Pro-people pledges left worryingly unattended

Published: 00:00, Jun 02,2021

 
 

THE government’s failure to properly implement a number of pledges such as a universal pension scheme, crop insurance, an increase in the tax-GDP ratio and the online submission of income tax returns, believed to have significant impact on people’s lives and the national economy, is worrying. The government made the pledges in the budgets for the past two financial years. The government pledged a universal pension scheme for all employees in both formal and informal sectors. The project is, however, yet to be even properly outlined. About 0.8 million people — all public sector employees and a small portion of private sector employees — now enjoy pension benefits while the government provides monthly allowance of Tk 500 for about 3.5 million elderly people against the total elderly population of about 14 million under a social safety net programme. This suggests that about 70 per cent of the elderly population remains outside any benefit. As for crop insurance, a valuable climate adaptation tool in Bangladesh where farmers’ livelihood is precarious, the implementation rate is dismal as the government has not extended the support and awareness has not been adequately created among farmers.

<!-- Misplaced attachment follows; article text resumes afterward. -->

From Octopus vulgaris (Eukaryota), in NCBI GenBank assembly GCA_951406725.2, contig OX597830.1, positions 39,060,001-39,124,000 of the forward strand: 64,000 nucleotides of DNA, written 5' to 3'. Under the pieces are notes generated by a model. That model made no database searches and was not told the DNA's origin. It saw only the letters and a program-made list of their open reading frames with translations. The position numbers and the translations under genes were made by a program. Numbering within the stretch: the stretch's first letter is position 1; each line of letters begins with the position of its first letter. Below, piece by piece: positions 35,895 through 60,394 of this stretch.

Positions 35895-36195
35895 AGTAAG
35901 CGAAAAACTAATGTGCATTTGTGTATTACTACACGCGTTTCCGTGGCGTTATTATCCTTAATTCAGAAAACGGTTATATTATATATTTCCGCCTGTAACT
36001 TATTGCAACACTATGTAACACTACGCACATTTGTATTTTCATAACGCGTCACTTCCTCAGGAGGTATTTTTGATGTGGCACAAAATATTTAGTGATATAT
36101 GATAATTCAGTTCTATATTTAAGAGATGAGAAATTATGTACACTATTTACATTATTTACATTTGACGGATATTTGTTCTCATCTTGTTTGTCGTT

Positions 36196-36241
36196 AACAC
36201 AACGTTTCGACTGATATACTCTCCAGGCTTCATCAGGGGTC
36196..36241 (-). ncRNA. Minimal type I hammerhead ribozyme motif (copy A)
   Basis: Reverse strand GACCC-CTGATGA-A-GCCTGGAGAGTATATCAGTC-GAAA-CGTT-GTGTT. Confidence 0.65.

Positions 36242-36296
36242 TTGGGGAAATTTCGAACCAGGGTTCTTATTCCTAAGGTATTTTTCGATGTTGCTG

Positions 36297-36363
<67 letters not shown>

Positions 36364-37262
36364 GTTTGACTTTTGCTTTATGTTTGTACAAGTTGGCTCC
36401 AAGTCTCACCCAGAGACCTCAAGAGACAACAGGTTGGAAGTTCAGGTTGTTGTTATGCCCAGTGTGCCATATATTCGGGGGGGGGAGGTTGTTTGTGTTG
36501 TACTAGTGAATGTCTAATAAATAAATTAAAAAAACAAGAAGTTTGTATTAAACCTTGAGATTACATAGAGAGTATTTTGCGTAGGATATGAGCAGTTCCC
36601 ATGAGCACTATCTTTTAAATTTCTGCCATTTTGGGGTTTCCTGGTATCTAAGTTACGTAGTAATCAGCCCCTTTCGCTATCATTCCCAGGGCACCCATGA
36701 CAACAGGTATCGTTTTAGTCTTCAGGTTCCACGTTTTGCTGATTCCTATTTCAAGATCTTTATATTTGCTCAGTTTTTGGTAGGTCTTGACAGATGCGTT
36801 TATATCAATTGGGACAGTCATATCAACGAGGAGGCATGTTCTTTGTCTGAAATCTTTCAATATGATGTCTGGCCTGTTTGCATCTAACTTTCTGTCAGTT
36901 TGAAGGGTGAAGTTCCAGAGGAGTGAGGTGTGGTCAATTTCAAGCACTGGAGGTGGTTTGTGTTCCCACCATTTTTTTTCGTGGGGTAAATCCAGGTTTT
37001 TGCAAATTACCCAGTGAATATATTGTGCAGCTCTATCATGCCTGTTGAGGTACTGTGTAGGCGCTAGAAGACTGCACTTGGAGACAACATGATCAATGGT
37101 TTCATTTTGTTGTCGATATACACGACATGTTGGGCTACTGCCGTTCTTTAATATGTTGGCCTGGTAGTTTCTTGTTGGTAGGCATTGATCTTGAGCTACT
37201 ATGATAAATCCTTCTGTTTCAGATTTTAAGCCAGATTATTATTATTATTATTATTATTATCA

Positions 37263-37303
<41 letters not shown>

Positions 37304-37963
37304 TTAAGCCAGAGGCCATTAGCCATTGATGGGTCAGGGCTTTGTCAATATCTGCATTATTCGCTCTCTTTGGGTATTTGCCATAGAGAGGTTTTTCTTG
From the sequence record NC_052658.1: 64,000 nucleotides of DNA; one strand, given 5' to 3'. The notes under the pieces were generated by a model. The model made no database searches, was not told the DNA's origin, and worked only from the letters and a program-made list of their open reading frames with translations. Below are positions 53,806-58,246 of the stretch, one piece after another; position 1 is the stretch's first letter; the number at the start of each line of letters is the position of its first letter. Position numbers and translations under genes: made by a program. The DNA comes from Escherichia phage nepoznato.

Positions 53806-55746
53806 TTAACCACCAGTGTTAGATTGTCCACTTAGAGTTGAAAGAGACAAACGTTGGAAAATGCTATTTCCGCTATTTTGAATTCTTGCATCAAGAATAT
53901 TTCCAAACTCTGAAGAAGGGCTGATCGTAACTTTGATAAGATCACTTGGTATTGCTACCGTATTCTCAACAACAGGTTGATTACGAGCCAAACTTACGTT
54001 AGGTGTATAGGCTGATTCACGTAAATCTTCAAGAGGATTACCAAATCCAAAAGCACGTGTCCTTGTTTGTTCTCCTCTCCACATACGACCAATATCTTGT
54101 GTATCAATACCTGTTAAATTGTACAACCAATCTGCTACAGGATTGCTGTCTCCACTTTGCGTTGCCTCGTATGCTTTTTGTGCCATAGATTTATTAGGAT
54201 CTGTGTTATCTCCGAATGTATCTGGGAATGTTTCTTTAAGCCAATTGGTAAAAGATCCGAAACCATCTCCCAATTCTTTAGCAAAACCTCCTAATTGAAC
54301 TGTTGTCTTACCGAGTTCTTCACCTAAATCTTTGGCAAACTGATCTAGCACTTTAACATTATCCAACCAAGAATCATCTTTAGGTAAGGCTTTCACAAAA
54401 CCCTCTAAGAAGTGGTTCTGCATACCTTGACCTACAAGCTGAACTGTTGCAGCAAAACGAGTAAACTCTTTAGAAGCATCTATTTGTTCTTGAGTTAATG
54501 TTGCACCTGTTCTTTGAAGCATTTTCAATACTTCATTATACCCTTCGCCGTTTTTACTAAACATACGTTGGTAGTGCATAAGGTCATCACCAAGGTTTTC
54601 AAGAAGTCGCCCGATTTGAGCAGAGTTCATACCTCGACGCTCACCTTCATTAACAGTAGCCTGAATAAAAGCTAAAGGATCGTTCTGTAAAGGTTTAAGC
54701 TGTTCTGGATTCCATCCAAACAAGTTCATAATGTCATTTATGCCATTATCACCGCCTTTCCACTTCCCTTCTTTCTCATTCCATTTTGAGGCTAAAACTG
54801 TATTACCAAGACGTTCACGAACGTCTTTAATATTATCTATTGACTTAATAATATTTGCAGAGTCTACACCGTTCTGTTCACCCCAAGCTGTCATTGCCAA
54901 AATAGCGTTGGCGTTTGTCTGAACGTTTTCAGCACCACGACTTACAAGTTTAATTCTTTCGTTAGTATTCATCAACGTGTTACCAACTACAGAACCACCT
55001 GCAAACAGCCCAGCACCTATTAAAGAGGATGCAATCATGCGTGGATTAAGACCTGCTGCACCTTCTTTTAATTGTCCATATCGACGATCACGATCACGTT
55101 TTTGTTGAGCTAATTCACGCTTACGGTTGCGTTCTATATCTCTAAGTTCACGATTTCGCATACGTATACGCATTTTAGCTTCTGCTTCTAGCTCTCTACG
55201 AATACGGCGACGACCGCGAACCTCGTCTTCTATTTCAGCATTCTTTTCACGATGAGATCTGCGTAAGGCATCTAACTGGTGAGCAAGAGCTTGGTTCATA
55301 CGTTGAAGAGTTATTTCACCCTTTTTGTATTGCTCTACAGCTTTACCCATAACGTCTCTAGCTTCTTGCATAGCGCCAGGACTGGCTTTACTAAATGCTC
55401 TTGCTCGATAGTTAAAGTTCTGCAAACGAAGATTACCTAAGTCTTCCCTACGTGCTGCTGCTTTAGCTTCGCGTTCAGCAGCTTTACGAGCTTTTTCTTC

The government has not been able to increase the tax-GDP ratio, which is one of the lowest even among South Asian countries. The ratio has remained static at about 9 per cent for a decade as budgetary proposals for augmenting revenue generation have been implemented partly. The tax-GDP ratio is a significant factor for the economy as it reflects the ability to properly use available resources to ensure sustainable economic growth and to reduce income inequality. A lower tax-GDP ratio also means a higher deficit budget, which has become common in Bangladesh. This also results in a higher government borrowing to make up for the deficit that, in turn, adds to public debt. The government is reported to go for an allocation of about Tk 69,000 crore in the next budget to pay the interest on government borrowing. The amount will be the fourth biggest head in the overall expenditure. What lies at the heart of the problem is the government’s failure to enhance its tax base and improve the tax policy. The government is reported to have also failed to introduce a system for an online submission of income tax returns, which could have contributed, at least partly, to a higher tax collection.

The government must attend to the issues and deliver on its pledges to introduce the universal pension scheme for all employees in formal and informal sectors and enhance its social safety net programmes to cover more elderly people. The government must also implement crop insurance programme for farmers. The government must also attend to its other budgetary pledges such as an increased tax-GDP ratio and a system for online submission of income tax returns for a better fiscal discipline.

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